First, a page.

“If automatic registration for digital health records in the opt-out trials leads to higher participation in the My Health Record system, the Government will consider adopting opt-out on a national scale,” Ms Ley said.

Overhaul of US medical research rules in sight

A push to overhaul US rules governing consent to participate in medical research could see researchers able to use  biospecimens in secondary research without having to obtain further consent, according to a report in The Lancet.

US health officials were expected to update 25-year-old regulations on human participation in research by the end of next year, according to the report.

One of the major changes under consideration is the current requirement of investigators to obtain informed consent from research subjects to use biospecimens collected for one study in any future secondary study, regardless of whether the samples are identifiable.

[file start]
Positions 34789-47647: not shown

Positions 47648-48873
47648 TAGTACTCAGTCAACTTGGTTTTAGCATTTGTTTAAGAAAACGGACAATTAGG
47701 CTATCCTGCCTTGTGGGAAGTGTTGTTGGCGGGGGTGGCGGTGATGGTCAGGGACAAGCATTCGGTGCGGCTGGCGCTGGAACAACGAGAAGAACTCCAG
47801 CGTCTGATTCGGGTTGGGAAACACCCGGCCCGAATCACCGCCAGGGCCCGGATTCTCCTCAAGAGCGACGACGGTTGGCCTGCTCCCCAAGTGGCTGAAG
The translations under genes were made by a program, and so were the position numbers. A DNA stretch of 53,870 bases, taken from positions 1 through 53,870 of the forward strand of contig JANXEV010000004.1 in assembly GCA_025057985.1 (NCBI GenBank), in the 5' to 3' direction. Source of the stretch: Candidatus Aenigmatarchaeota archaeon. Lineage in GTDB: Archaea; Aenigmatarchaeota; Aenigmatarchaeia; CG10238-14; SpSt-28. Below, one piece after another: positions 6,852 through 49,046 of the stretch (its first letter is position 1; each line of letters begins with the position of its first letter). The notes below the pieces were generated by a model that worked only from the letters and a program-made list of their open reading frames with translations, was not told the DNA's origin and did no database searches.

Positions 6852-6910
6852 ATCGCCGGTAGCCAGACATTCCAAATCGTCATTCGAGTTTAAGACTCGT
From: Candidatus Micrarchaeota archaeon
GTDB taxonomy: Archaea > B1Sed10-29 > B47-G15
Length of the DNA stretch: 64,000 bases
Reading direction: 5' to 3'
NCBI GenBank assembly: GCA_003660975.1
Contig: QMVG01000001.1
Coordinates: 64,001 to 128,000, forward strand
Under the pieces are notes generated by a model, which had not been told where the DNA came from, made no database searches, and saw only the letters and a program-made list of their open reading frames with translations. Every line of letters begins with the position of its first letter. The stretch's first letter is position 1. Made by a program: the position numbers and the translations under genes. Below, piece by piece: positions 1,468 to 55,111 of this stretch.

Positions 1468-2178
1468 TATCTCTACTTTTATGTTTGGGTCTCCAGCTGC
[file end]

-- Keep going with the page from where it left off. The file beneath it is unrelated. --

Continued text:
The report stated that the proposed, updated broad informed consent provision would contain “information a reasonable person would want to know” without extraneous, lengthy details.


Single-bed wards: pros and cons

Single-bed wards are popular with patients, but hospital staff have concerns about visibility, surveillance, teamwork, monitoring and keeping patients safe in single rooms, a UK study finds.

The researchers conducted a study of patient and staff experiences and safety outcomes around the 2011 opening of the first English NHS hospital to have 100% single inpatient rooms in all wards.

Nurses felt ill-prepared for working on single-bed wards and had to adapt their working practices significantly, the study found. The move to single rooms also resulted in staff walking distances increasing  
Popular with patients

Two-thirds of patients preferred single rooms with comfort, control, privacy, flexibility for visitors and en-suite bathrooms among the factors they liked. 

However, only 18% of staff indicated a preference for 100% single rooms, with most saying they would prefer a mix of single rooms and multi-bedded accommodation to allow them more panoptic surveillance of very sick and frail elderly patients in particular.